07/31/2013 10:08AM

Owner-breeder Elaine Klein dies at age 80


LOUISVILLE, Ky. – Elaine Klein, a prominent owner and breeder in Kentucky who raced horses in partnership with her husband, Bert, and son, Richard, died Wednesday at her home in Buckner, Ky., after a battle with cancer. She was 80.

A native of Nashville, Tenn., Klein was an accomplished equestrienne, and showed three-gaited American Saddlebreds and road ponies, winning World’s Amateur and National titles in the early 1980s at such venues as Madison Square Garden. But for much of the last 30 years, her involvement with horses extended to breeding and racing Thoroughbreds.

She and her youngest son, Richard, began racing horses together in partnership in the late 1980s, and then in 1998, Bert joined their racing partnership. Thereafter the Kleins won 86 stakes races, of which 22 were graded, Richard Klein said.

For much of the 2000s, they ranked among top 100 owners in North America by wins or earnings, and in 2011 they had their best finish in a Breeders’ Cup race when Country Day finished second in the Breeders’ Cup Turf Sprint at Churchill Downs.

This year, through racing on Tuesday, the Klein stable ranked 68th in earnings, with their horses winning 17 of 62 races and $696,571.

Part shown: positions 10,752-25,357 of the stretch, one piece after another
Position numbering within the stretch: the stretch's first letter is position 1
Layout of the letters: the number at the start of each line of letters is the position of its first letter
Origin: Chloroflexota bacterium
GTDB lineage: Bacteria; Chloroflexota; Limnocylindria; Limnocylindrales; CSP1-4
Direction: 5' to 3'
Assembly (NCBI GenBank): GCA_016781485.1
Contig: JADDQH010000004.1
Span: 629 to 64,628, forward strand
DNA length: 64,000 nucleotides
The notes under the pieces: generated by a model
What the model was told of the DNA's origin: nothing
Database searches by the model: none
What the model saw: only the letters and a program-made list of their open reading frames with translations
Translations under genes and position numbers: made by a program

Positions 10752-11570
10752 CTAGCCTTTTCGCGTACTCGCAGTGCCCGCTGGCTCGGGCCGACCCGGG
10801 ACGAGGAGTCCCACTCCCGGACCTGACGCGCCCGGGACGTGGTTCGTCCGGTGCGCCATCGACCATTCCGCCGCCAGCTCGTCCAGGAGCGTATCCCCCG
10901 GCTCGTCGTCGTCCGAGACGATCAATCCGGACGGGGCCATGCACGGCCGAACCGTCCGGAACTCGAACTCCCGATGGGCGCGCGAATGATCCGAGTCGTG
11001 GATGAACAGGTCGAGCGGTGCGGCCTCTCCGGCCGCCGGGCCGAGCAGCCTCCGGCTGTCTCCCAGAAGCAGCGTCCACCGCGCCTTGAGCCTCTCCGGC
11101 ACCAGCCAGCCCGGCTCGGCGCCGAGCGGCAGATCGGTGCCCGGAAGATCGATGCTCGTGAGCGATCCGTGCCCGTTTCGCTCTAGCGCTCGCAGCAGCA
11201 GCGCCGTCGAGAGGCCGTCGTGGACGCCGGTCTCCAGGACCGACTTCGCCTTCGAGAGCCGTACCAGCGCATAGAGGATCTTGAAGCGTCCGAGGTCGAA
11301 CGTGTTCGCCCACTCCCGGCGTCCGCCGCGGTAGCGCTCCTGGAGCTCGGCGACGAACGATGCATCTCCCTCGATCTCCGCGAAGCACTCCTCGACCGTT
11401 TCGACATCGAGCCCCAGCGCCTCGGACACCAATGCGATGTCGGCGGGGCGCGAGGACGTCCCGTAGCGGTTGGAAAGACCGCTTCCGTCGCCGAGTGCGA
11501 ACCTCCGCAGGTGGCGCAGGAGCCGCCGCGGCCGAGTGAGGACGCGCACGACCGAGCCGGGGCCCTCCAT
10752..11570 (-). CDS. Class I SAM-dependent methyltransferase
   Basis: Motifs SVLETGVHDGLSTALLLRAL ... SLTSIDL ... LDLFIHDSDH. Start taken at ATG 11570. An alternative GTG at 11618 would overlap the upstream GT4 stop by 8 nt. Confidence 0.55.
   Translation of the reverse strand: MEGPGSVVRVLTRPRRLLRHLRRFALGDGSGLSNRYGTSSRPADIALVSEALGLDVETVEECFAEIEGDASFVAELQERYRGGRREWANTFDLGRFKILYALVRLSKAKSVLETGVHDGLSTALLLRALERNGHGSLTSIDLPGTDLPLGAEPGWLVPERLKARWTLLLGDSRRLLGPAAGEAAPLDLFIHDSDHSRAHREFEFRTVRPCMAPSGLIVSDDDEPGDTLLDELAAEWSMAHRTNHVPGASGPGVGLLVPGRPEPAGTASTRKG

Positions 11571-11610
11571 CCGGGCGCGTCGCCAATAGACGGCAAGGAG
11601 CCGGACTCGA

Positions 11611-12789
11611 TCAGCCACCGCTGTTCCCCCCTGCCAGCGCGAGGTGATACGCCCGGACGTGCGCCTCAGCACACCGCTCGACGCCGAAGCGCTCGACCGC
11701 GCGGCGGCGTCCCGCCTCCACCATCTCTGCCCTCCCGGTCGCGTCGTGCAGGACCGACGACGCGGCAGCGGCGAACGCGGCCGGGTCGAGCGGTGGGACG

Over the past decade their stable became filled largely with homebred runners, as the Kleins began breeding their most accomplished mares, who in turn produced successful racehorses for them.

In addition to her love of horses and contributions to racing, Elaine and the Klein family supported an often-overlooked segment of the racing industry: backside workers. Together with WinStar Farm, they helped fund and start the The Backstretch Learning Center at Churchill Downs, originally called the Klein Family Learning Center.

The center, which opened in 2004, seeks to improve the lives of backside employees by providing educational services and cultivating a better quality of life.

Elaine Klein is survived by Bert, her husband of 60 years and a retired president of Bank of Louisville; sons Stephen, David, and Richard and their families; four grandchildren; and one great-grandchild.

Funeral services are pending.